Donald Trump's guide to kicking your social media addiction

FINDING it hard not to share your inane thoughts with the internet? Learn how to quit Facebook and Twitter for good with this guide from former social media addict Donald Trump.

Post dubious statuses

Going cold turkey never works – you need to wean yourself off gradually by sharing blatant lies about a democratic process. The free speech stifling bosses will try to hide your ramblings or slap them with some bullshit disclaimer, which will give you a taste of what life is like without social media.

Incite a mob

If you haven’t got 88 million followers this might be a bit tricky. But have a go at encouraging rioters to storm the headquarters of a divided democracy anyway. It still wasn’t enough to get me booted off, but I reckon it definitely helped in some small way.

Refuse to accept responsibility

Once you’ve tried to stop a completely legitimate president taking over, double down on the insanity by spouting lies in all caps. This will lead to your account being suspended for a short period of time roughly four years later than it should have been. But you’re not free yet.

Try your associated accounts

You’ve probably got some secondary accounts you’ve forgotten about, so try to log in to these in a desperate attempt to feed your addiction. With any luck you’ll discover these have been deactivated too, so you won’t be tempted to tweet ‘NUKE MIKE PENCE!!!’ the next time you’re bored taking a dump.

Fail to join Parler

After a few hours without social media access you’ll go into withdrawal and try to set up an account on far-right loony bin Parler. Luckily for you this platform favoured by conservative fruit loops has been shut down. Now you’re free to pollute the world via different media such as your own TV channel.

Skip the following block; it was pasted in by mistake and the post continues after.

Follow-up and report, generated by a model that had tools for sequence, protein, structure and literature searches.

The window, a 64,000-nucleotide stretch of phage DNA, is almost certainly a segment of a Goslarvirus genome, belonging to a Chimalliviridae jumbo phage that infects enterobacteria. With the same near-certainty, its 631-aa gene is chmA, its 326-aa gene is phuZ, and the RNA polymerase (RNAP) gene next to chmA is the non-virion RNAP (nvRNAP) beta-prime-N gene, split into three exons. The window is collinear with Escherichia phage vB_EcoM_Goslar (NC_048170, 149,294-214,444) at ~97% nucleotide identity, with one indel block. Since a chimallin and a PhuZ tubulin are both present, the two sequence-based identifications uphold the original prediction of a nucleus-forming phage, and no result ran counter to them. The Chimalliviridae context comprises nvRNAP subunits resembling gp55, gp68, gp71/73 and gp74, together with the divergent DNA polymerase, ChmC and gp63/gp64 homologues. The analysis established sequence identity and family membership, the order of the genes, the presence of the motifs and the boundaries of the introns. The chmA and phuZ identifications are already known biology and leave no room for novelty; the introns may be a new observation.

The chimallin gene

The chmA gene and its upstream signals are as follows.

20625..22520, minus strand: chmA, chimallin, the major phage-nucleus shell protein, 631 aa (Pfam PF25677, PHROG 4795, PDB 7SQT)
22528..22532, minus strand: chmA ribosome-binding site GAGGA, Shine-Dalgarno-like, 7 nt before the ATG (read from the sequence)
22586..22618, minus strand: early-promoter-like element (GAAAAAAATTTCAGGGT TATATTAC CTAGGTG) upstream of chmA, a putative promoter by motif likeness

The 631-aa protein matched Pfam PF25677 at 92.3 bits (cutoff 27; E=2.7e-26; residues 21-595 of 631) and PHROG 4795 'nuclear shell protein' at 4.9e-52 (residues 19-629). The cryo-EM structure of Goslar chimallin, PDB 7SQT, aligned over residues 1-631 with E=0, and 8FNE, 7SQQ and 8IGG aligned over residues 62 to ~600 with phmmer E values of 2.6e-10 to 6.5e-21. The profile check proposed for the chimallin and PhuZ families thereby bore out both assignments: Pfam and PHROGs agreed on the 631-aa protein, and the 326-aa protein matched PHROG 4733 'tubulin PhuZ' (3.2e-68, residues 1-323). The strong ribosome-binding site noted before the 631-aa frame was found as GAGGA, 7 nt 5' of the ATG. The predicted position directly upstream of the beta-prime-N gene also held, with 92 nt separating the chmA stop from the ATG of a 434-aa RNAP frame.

Sign up now to get
The Daily Mash
free Headlines email – every weekday

Hardest part of Veganuary 'is not being a total pain in the arse about it'

THE hardest part of going vegan during January is not being a complete and utter pain in the arse about it, it has emerged.

Veganuary participants agree that a lack of meal options or discovering that milk is in everything pales in comparison to the difficulty of not being a boring irritant about their diet.

Temporary vegan Josh Hudson said: “I fell off the wagon on day one when I whinged about the dryness of a Co-Op falafel wrap. On reflection, telling my girlfriend about it for a full 15 minutes was probably too much.

“And of course in the rare moments when you’re not hacked off with veganism, you drone on tediously about how much healthier you feel while meat-eaters are stuffing their bodies with toxic animal gunk.

“Getting through Veganuary without being annoying was so much easier when it didn’t exist. Back then you couldn’t complain that Greggs had sold out of vegan sausage rolls because they simply didn’t cater to us.

“Nowadays you can be a right misery about the blandness of your endless tinned tomato-based meals, the pressure to go full-time from hardcore vegans, and even the word Veganuary itself, which you’ve got to admit is pretty embarrassing. 

“If only I wasn’t forced to do this every year by society and was instead free to make my own eating and lifestyle choices. A man can but dream.”